Democratic Michigan Governor Gretchen Whitmer engages in a rhetorical fight with President Trump over coronavirus restrictions and may be on Biden’s radar as a potential running mate, all during a massive flood; Matt Finn reports.
Michigan Gov. Gretchen Whitmer announced Monday that she is lifting her state’s stay-at-home order effective next week, easing restrictions placed on businesses and public gatherings due to the coronavirus pandemic.
Under the new guidelines, stores will be able to have customers without appointments and restaurants will be able to have customers dine in, but social distancing requirements remain in place requiring limited capacity. The state has noted that coronavirus cases and deaths have dropped more sharply and treatment capacities at hospitals and other health-care facilities have improved, among other criteria.
“While Michiganders are no longer required to stay home, we must all continue to be smart and practice social distancing, and encourage those who meet the criteria to get tested for COVID-19,” Whitmer said in a statement, as The Associated Press reported.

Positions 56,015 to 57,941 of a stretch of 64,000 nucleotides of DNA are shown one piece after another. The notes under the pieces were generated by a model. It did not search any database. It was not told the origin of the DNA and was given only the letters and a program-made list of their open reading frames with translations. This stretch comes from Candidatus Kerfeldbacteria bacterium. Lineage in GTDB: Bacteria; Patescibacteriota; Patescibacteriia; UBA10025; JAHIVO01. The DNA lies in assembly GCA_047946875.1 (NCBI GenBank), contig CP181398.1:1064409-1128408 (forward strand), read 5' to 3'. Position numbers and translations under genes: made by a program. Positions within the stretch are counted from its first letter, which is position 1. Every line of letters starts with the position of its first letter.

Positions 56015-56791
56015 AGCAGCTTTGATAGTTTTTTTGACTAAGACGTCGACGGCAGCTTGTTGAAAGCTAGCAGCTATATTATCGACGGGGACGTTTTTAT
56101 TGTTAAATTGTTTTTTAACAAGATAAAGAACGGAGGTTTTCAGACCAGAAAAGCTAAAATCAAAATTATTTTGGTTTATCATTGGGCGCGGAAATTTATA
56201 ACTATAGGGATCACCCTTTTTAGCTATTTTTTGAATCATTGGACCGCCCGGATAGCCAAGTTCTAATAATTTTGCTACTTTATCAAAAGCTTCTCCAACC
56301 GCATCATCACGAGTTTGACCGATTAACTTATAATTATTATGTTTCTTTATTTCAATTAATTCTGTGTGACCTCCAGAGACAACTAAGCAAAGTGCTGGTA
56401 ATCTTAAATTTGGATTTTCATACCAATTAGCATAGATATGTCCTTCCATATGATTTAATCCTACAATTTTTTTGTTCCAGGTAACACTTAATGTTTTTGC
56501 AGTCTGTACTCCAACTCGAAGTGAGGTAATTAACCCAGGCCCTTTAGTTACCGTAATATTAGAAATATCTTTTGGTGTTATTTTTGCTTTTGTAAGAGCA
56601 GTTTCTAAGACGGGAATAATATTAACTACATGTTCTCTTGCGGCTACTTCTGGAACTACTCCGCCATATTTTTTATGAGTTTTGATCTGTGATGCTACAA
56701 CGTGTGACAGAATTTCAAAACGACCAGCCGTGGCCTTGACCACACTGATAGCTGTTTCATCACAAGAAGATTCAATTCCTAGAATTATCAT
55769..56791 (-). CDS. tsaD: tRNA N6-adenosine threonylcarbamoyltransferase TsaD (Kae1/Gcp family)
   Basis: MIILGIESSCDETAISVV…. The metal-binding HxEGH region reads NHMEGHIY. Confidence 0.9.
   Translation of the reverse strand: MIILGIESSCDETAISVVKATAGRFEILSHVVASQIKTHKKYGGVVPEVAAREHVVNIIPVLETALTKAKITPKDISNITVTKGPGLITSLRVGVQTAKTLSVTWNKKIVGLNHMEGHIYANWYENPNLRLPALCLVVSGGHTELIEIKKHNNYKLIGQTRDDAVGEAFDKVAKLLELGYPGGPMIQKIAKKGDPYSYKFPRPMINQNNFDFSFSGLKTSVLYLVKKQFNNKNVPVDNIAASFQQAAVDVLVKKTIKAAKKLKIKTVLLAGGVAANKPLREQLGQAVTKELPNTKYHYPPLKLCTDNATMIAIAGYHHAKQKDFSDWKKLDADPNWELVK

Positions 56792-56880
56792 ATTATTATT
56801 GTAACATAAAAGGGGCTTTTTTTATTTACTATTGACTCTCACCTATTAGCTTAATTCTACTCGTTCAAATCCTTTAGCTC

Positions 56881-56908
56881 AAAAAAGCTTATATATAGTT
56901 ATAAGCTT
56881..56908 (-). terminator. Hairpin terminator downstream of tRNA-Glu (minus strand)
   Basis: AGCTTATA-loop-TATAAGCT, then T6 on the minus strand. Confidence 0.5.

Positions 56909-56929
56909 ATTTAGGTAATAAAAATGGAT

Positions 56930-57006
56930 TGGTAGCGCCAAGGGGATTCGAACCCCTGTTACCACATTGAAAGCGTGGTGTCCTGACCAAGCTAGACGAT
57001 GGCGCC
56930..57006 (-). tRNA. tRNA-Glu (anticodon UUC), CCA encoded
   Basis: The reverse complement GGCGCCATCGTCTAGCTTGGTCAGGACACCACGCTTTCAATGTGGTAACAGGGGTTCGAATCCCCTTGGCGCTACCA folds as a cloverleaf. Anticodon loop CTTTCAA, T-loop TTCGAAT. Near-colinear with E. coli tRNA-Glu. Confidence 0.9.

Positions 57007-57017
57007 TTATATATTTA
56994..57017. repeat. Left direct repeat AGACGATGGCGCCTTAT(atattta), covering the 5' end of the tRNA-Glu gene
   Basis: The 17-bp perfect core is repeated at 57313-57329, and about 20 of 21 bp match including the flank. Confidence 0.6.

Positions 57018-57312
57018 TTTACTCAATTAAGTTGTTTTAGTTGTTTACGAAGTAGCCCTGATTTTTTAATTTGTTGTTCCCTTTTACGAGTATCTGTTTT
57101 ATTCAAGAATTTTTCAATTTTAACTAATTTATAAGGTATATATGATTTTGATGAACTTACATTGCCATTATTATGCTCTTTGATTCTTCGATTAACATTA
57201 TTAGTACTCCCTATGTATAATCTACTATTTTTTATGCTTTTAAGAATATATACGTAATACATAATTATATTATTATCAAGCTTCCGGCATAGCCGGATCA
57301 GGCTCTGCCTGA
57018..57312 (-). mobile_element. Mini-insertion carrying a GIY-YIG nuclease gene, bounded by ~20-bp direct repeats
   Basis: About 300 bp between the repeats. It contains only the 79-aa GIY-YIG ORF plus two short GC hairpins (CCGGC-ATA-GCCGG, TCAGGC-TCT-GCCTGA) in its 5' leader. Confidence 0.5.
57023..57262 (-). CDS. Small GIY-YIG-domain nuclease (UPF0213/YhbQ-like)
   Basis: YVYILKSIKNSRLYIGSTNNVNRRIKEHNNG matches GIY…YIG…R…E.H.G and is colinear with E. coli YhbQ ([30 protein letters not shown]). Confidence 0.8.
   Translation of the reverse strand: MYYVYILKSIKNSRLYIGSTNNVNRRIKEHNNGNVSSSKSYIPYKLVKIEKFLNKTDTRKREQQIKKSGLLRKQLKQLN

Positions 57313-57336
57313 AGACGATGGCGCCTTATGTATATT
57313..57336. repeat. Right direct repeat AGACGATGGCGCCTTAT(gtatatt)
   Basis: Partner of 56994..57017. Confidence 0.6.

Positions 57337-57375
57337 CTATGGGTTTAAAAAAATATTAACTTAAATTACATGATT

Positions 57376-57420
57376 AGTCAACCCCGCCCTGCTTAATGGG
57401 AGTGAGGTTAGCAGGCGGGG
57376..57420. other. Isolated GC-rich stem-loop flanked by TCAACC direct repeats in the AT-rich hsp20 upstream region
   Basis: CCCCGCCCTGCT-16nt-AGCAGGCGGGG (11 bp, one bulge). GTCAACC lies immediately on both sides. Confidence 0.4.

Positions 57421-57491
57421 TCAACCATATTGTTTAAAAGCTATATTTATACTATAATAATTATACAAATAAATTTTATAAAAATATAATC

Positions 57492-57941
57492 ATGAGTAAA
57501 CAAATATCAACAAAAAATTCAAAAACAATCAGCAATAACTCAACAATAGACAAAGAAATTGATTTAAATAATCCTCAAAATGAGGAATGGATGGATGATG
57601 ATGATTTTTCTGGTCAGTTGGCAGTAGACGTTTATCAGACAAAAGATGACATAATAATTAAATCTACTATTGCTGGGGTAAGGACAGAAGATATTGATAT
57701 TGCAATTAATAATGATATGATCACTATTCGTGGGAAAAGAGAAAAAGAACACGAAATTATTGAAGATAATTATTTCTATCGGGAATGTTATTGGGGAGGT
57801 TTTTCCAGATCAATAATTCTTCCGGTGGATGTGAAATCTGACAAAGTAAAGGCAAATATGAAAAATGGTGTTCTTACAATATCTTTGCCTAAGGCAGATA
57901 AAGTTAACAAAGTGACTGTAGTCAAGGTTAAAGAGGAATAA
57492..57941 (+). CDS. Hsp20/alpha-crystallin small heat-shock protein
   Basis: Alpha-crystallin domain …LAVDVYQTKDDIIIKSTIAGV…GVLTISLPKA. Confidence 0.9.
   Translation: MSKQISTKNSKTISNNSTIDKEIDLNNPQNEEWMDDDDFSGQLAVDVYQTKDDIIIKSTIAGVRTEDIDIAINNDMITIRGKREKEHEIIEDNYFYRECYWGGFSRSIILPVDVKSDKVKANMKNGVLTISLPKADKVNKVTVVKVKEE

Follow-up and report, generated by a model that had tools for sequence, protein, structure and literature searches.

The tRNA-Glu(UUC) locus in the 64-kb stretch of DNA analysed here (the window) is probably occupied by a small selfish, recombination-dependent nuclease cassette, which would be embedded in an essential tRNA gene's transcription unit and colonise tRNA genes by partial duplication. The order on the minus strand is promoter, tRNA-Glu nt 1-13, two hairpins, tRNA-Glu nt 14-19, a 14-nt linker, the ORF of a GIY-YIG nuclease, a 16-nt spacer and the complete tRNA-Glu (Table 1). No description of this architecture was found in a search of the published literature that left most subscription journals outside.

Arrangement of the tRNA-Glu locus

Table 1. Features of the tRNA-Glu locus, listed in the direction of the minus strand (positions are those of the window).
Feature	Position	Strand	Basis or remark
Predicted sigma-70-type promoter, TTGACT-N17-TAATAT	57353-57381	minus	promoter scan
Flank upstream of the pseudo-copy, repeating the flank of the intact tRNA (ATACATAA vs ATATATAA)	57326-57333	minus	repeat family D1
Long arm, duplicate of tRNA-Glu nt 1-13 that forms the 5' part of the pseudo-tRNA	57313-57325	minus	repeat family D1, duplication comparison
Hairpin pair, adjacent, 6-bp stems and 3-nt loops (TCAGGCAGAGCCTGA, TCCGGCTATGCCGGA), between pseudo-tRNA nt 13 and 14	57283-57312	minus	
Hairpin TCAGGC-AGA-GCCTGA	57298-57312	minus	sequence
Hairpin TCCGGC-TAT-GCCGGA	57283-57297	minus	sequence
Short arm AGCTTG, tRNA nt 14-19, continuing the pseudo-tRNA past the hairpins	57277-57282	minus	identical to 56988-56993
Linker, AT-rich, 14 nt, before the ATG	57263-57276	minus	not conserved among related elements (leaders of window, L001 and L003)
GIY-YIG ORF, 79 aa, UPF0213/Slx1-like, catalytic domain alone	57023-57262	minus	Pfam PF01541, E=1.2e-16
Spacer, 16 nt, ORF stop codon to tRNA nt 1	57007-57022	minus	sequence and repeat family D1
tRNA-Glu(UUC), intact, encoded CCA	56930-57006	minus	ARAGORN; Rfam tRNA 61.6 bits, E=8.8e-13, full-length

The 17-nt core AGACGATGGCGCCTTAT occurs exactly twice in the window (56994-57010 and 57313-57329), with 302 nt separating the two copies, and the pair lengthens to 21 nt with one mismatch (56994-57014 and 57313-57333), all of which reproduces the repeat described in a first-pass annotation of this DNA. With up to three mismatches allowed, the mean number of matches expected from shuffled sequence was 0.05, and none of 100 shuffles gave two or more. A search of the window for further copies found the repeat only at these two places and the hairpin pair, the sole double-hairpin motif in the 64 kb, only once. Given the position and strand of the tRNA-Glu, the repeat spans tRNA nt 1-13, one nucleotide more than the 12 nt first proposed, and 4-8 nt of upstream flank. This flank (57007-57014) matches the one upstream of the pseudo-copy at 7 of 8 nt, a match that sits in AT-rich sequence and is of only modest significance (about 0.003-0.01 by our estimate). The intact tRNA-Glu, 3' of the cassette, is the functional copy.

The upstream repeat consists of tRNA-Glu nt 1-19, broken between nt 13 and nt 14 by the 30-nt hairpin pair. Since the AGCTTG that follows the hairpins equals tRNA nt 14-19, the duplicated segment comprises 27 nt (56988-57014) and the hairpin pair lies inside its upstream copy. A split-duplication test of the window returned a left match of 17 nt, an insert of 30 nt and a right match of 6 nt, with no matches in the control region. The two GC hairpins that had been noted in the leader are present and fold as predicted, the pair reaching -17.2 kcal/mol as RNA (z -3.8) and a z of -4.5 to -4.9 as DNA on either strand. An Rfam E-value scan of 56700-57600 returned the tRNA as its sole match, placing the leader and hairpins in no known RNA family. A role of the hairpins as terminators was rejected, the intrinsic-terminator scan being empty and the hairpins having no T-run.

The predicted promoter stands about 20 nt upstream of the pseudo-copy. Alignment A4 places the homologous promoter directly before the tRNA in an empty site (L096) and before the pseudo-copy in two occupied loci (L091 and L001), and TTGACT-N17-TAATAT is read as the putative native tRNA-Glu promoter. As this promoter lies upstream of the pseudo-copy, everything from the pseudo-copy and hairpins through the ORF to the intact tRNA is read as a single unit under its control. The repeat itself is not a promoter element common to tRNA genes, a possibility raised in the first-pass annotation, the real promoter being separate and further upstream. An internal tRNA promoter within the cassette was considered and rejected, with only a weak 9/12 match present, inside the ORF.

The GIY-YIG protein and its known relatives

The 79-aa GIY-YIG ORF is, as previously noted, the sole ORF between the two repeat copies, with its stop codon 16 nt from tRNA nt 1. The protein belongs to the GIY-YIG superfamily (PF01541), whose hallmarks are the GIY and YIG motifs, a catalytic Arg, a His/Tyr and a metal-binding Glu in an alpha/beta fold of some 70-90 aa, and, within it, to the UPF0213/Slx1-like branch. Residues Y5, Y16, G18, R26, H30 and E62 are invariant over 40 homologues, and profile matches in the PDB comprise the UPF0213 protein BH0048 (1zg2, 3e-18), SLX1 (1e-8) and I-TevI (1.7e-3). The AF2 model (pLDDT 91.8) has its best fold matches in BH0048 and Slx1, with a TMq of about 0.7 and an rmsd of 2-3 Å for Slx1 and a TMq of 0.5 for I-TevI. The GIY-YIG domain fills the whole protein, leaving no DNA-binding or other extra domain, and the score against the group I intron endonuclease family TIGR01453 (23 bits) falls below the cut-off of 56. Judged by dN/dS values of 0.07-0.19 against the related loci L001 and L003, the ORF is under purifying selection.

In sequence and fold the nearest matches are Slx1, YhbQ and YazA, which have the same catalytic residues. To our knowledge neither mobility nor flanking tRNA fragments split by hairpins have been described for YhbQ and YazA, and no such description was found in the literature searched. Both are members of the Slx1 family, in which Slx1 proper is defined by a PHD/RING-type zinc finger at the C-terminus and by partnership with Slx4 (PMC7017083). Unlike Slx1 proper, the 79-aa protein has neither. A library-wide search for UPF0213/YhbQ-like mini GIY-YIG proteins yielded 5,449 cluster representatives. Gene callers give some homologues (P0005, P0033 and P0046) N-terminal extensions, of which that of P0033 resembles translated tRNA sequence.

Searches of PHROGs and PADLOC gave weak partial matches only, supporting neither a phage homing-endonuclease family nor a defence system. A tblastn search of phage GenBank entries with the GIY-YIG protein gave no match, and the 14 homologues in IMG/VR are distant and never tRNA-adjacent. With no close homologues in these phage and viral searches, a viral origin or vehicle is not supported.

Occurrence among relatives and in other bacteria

Whitmer moved 93 percent of the state into “phase four” of the reopening plan, with hopes to move to “phase five” by July 4. In addition to stores and restaurants being able to open up to customers, day camps and pools will be open as well.
Outdoor public gatherings, which had been limited to a maximum of 10 people, will now be allowed to have up to 100, as long as social distancing is practiced.
Indoor theaters, hair salons, and gyms will remain closed, although gyms will be permitted to hold outdoor classes.
Whitmer’s stay-at-home order was among the strictest in the nation. Many residents said Whitmer overstepped her authority by banning most travel between homes and by temporarily prohibiting sales of items such as garden supplies and activities such as some forms of fishing.
Michigan residents protested the order, with some even storming the state capitol while armed. Businesses sued over the order, but a judge allowed it to continue, refusing to grant a preliminary injunction that would have blocked it for the duration of the case.
The Associated Press contributed to this report.